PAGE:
Did you know that my career narrative always starts with my headmaster telling me “and don’t come back on Monday”! Have I got your attention, do you want to know why he said that? Of course, you do – I would. I am sure most of us will agree that stories are great, they can make us laugh, they can make us cry, uplift us, perhaps inspire, move, or even motivate and educate.
More importantly, a narrative or story enables you to have a far better chance of being remembered and or remembering important aspects of meeting people or information from a presentation. Or more to the point the main message a speaker may be trying to make.
So, why is it then that so many leaders. managers and presenters in business and promoting their visions and careers stories back away from using a storytelling narrative? Is it because in business or during an interview, we are so often discouraged from using techniques and methods that might stir the emotions or perhaps create drama? Anyone approaching an interview, giving an important presentation, providing information on a subject, a vision or even sell a concept or product – a story helps cement the information into a memorable, engaging and emotive structure.
Great communicators tell stories
Chances are the most memorable leaders and speakers are not people standing on a platform and spouting out reams of facts and figures, or simply showing yet another mind-numbing sequence of “death by PowerPoint” slides. No; the best leaders, career developers and speakers told you a story or a narrative to make and illustrate the main points. The very best speakers in business realise that this art form not only engages human interest and our innate curiosity but has been used since time immemorial to create connections between people. Moreover, it is a wonderful way in which to wrap-up your message up for audiences to engage in and enjoy. So those career “brand” developers/changers, executives & sales people hoping to motivate or emotionally engage customers, or perhaps supervisors and managers looking to help teams focus; or even leaders wanting to project a more authentic impression then read on.
Thinking and stories
So how and why does storytelling in business & career transition/”career branding” work and how can it be achieved? Well, the phrase “narrative thinking” is a way we tend to psychologically tell ourselves stories to connect thoughts and create meaning from our experiences. Indeed stories can help prevent “confirmation bias” where we can favour information that satisfies our prejudices or preconceptions, regardless of whether or not the information has truth or not. As a result, we tend to gather evidence and recall information from memory highly selectively, thus interpreting it in a biased way.
So if someone is trying to change our minds on something using facts and figures, we often dig in our heels and resist. Confirmation bias crops up regularly in change management and sales initiatives, financial decision making, politics and our own values and beliefs. Narratives, therefore, guide the listener without a proposition of opposing facts thus allowing us toward our own conclusions of the information.
Here are a few points to consider when starting the storytelling process
If possible, tell a personal story about your career or business challenges, an organisational tale or a colleagues experience – it’s unlikely that anyone else will have heard it before and will, therefore, tell a very compelling story without the need for notes.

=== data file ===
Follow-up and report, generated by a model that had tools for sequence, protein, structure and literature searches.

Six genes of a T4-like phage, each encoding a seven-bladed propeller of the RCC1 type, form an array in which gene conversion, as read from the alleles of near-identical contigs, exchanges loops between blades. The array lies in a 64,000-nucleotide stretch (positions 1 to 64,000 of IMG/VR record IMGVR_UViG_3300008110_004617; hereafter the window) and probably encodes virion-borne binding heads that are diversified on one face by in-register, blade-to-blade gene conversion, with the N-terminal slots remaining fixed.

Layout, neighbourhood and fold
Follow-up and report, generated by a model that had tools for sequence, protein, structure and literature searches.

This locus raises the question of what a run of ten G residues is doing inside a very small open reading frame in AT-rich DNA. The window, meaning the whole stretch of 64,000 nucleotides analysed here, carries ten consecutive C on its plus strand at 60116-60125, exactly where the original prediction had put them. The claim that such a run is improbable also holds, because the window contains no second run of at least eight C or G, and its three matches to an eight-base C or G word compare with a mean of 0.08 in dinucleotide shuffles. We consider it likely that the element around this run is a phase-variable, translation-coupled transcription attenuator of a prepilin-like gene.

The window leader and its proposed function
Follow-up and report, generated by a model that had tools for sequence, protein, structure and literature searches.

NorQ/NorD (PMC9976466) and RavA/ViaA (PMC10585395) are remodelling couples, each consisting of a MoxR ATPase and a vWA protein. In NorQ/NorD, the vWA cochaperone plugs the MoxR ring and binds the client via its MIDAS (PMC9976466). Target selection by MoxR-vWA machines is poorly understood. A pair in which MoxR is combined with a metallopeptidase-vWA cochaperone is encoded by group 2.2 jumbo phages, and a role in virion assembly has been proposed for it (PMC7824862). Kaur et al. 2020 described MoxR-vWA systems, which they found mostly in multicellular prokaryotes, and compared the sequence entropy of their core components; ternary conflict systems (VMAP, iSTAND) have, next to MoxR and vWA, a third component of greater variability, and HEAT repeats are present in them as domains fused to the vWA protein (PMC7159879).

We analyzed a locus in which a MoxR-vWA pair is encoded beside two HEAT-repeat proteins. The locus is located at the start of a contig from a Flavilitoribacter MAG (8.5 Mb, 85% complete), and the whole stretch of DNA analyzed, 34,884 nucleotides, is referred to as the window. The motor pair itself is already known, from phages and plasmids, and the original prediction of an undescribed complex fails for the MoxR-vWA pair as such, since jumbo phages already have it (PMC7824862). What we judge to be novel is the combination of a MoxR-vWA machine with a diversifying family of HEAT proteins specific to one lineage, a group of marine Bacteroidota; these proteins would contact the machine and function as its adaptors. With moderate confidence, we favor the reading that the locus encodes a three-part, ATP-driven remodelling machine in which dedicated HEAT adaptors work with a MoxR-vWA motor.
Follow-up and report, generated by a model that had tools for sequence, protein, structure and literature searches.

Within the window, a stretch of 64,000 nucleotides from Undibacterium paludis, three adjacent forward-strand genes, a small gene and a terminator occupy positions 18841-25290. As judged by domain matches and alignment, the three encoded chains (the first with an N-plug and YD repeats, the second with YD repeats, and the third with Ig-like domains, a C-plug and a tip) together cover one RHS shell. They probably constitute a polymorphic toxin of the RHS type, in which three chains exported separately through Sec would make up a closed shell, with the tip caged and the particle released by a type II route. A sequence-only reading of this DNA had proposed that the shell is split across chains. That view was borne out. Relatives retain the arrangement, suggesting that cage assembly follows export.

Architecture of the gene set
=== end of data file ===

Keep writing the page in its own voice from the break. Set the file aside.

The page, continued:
Try to have plenty of obstacles or problems that needed to be overcome – all stories need to show a journey or a twist, to map out the problem to how it was overcome
Focus upon simple and compelling storytelling with a start, middle and end. Look at the information you want to impart – is it strategic, a vision, business values, a brand or perhaps encouraging innovation or creativity
Engage your audience by using effective body language/nonverbal communication and gestures. Use varied pitch of voice, focus upon pacing, pausing, pitch, tone and volume.
Preparation, preparation and more preparation – rehearse intensively so that when you tell your tale it flows effortlessly
Practice the skills of telling effective narratives at work, for interviews, career brands or helping people understand new concepts or perhaps a call to action. Clearly, those people thinking about career transitions or career brand will be better served to have their values, beliefs, purpose and passions in an easily remembered and packaged narrative to tell people whenever necessary. Moreover, with career brands the narrative is a constantly developing strategy to help focus upon the clarity, consistency and constancy of the value you bring to an organisation and the messages you want to project. It also motivates and engages the person telling the story with their career identity and their true value for the existing or a prospective organisation.
Telling your compelling story will no doubt help the listener remember your value, vision and message longer. Most people are unlikely to remember more than three points made in an interview or presentation for example and they will probably be forgotten in a short time too. So creating this compelling story will help construct the impression of who you are, what you represent, the message and will help them remember you better. Be prepared to constantly refine your stories to adapt to different audiences, therefore keeping the information relevant and helping them engage with your message. Think about those inspirational communicators, how they made you feel and what you remember……you can do that too. So are you sitting comfortably – yes………. well let us begin!